- Historical event:
- 3 September 1967
- The change was carried out in the early morning hours of this day in 1967. It was issued that all vehicles had to stop at 4:50 AM, and switch the side of the road they were driving on.
This day in 1967 was an important event in Swedish history, and was marked as H Day (the “H” stands for “Högertrafik”, the Swedish word for “right-hand traffic”).
One of the arguments for the mentioned change was the fact that all Sweden’s immediate neighbors drove on the right side, and Swedish citizens mostly owned left-hand drive vehicles, which were dangerous, especially during overtaking (the judgment of drivers was questionable).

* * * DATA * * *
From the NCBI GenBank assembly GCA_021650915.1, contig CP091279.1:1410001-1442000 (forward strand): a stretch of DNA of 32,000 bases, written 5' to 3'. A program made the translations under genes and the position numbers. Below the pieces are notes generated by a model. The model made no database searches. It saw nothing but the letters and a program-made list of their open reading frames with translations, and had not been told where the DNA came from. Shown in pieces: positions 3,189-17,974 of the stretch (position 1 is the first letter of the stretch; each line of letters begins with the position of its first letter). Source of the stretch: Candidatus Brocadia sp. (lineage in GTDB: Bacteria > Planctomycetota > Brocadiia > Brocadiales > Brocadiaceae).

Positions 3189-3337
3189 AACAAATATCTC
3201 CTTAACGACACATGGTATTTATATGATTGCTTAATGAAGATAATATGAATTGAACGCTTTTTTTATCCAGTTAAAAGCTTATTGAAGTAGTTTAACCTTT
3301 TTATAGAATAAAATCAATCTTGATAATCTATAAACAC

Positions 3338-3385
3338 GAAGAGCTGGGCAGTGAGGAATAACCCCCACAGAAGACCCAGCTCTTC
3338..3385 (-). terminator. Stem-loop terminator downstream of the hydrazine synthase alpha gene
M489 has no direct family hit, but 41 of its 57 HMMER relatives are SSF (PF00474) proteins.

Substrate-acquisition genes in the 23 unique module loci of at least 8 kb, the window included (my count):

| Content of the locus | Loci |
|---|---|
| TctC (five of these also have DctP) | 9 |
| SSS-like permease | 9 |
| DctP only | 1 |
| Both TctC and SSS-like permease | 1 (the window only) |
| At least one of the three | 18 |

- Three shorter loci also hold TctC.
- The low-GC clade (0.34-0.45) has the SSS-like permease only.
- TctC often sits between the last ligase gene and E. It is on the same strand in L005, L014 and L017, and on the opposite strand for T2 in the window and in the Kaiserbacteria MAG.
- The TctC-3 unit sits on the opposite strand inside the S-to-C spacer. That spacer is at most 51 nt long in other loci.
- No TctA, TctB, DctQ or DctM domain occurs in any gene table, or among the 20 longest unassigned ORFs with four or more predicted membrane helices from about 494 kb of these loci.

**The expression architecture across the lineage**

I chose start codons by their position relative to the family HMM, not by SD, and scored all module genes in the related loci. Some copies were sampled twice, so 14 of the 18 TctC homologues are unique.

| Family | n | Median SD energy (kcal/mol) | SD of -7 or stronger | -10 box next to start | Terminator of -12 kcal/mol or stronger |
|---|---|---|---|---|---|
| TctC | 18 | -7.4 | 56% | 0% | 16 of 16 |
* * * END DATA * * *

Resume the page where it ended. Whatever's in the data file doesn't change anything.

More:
The change was carried out in the early morning hours of this day. It was issued that all vehicles had to stop at 4:50 AM, and switch the side of the road they were driving on.
At 5:00, drivers were allowed to drive on the right side. There were no deadly accidents, and it is interesting to note that the total number of traffic accidents was actually reduced.
Today, drivers in many countries drive on the right side. The United Kingdom, Ireland, Cyprus and Malta are exceptions among the European countries, but there are also many countries where people drive on the left side: Australia, India, Indonesia, Japan, Jamaica, Pakistan, South Africa, Thailand, Kenya, and Malaysia.